Thursday, October 30

Birthdays and Deadlines

The firmest kind of deadline, I think, is a birthday. If you fail to provide a promised physical present - say, a bar of chocolate - by a person's birthday, the assumption is that you forgot or didn't care. Fora non-physical presents this is even more so; bank holidays and empty bank accounts make rather flimsier excuses.

I like writing stories for people - you really can't get a more personal gift - and quite often you can persuade the birthday boy or girl to give you some prompts too, to help inspiration flow. I emailed someone a birthday fic today, which was pretty deadline-tight. I planned it while falling asleep on tuesday night, wrote it yesterday, and proofread it before work this morning.

I can do deadlines. Evidence suggests I need them, if we're honest. Some writers utterly fail at deadlines, which isn't the end of the world (though may result in having to return an advance - about the only time that might happen). I've heard people claim it's an 'artiste' thing - creativity just doesn't work like that - but to be honest, it's just a personal thing. Some people work well to deadlines, some people don't. The problem is when the latter is mistaken for the former; if you can't make deadlines, don't commit to them.

Two things that really helped me were doing an English degree (missed deadlines = failure), and editing the creative writing magazine. After two years of the latter, I was glad not to be the nagging one any more. Our fresher's fayre magazine was a week away from printing one year and consisted, at that point, of two poems. Nagging annoys people, going to print without a regular feature annoys people, putting a magazine out eight weeks late annoys people. Editors have deadlines too, and I've definitely learnt to respect that.

On the other hand, I'm aware that there are a lot of instances where I don't want to do deadlines. It's one reason I'm determined to finish a minimum of the first two books of Greenhelm before I even start submitting it anywhere, and considering my propensity for retcons when later plot demands, I know the sensible thing to do is wait until all three are finished. This may take some time.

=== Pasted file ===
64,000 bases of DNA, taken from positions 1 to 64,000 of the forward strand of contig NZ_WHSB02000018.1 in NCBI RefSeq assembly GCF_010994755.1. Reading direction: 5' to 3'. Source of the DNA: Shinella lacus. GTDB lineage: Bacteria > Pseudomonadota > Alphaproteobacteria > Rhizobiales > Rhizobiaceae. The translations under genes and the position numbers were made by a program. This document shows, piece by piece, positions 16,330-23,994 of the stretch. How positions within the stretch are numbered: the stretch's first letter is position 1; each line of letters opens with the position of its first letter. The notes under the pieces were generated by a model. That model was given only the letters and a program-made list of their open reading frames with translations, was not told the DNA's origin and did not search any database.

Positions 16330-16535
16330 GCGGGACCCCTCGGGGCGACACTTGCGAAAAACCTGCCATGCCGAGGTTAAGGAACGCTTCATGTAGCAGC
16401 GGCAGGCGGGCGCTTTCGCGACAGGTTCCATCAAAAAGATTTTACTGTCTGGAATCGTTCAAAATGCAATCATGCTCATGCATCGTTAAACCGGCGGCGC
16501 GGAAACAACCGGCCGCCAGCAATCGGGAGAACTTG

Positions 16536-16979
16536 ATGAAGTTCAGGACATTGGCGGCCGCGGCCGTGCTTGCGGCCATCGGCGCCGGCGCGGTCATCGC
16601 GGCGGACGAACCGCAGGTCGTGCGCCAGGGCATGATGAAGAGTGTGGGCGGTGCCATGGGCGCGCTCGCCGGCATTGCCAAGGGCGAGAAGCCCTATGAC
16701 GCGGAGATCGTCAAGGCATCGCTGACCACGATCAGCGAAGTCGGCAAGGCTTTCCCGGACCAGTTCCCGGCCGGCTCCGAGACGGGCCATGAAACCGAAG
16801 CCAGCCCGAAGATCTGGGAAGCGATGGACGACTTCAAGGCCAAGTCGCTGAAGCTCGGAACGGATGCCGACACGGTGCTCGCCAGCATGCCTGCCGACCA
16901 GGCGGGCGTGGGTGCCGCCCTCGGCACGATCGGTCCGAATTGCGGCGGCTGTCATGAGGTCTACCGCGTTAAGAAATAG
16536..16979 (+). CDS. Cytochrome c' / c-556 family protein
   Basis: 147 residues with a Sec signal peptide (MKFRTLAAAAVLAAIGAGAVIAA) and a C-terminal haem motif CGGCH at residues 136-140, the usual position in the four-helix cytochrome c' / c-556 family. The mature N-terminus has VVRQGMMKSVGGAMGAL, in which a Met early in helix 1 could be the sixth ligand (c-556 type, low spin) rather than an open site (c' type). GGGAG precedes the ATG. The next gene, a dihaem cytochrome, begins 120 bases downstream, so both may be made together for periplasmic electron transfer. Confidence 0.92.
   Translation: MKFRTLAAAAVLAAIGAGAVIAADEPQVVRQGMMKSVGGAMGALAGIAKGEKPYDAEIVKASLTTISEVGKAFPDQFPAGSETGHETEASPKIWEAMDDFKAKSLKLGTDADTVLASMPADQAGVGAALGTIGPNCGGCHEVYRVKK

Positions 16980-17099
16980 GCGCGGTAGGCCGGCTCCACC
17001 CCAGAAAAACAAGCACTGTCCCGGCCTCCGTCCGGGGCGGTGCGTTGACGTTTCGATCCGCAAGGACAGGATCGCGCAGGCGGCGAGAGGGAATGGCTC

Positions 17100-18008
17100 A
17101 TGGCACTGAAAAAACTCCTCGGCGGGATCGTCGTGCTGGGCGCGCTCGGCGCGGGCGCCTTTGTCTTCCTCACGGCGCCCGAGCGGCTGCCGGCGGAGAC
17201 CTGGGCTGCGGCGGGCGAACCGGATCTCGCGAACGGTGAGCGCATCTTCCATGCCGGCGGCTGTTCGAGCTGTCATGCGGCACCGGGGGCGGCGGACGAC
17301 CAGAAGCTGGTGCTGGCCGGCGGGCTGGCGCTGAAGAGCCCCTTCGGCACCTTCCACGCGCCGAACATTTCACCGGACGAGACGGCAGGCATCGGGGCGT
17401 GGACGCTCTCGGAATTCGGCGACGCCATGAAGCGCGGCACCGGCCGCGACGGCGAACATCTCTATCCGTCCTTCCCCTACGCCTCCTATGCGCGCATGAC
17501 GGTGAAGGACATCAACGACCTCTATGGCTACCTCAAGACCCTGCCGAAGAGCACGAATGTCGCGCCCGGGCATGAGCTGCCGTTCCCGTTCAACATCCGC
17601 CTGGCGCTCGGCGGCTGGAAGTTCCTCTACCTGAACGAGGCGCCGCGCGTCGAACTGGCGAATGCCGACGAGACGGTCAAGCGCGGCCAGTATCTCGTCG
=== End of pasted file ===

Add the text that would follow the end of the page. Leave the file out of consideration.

For now, I've pledged myself to mini_nanowrimo. I've tried the proper NaNo a couple of times, and I've always had other commitments get in the way (essays with deadlines of their own, for example). Mini NaNo has a much lower wordcount (I've pledged a 100 a day), but the thrust is towards doing it daily, rather than the total words. I could write 3100 words in an evening, and frequently have, but considering I sometimes go for months at a time without putting a word down on paper or screen, I'm quite nervous about the dedication required to write every single day. Luckily, unlike NaNo, I don't have to stick to a single project, so when I get stuck on one project I can at least spit out a random drabble. I've never had writer's block - knock on wood - but I suffer from terrible writer's laziness, where I'd rather sit and read or watch TV and let other people be creative for me. Luckily this is about commitment, not creativity!

Asylum has come back from Electric Spec. I'm expecting a response from Aesthetica tomorrow regarding the competition. Well, they gave the impression they'll respond to everyone, but if I don't get an email I think I know the result! I'm going to retire Asylum for a bit, since genre-wise it's such an odd fish, and it's probably the oldest piece I'm submitting. I now have a big enough 'stable' of short fiction that putting one aside for a while isn't as threatening.

Expect a big change to the website tomorrow too (been waiting for the Aesthetica response). New layout time!

Sunday, October 12

'Under Your Skin' submitted!

Dear Editors

I am submitting my novella 'Under His Skin' for your consideration. It is a gay paranormal romance, complete at 18,200 words. Since it is divided into two parts and an epilogue I have not been able to provide you with the requested chapters, but I have attached an extract that I feel is the equivilent.

'Under His Skin' follows an artist, Barnabas, who rescues a stranger from a storm and nurses him back to health. The stranger is revealed to be a selkie, which Barnabas reacts badly to and refuses to continue their burgeoning reltionship. The selkie eventually proves his love for Barnabas by chosing him over his seal skin.

My previous publication credits include a short story in Diorama Comics Hallowe'en Anthology and several pieces in my university's creative writing magazine.

I look forward to hearing from you soon.


Natalie Kingston

So, yep, I've submitted the selkie story. Went through Redlines and Deadlines advice on cover letters, which didn't really help me! They posted on reccomendations, and encouraged people to submit potential cover letters, not a single one of which actually conformed with their reccomendations. Most of them had several paragraphs of blurb, and though the editors were suggesting they should be cut, none of them really came back to the original point that it should only be a few sentences.

Anyway, since the selkie story is 18000 words, I figured I might as well go for the short blurb. The rest was fairly easy; it's much the same as a short story submission. The difficulty on finding cover letter advice for longer pieces is a real pain; searching for query letters works a bit better, but most of that isn't relevant to somewhere like Ellora's Cave. I think I've muddled out a compromise, and at least it's not too long!

I was going to post about suspension of disbelief, but I've been distracted by the burning need to buy 'Best Little Whorehouse in Texas'. This weekend introduced me to the fact that I was apparently wrong about Dolly Parton. Honestly, that's why I submitted the selkie story today; save myself from a thinking post. I just spent three hours writing and rewriting that cover letter instead.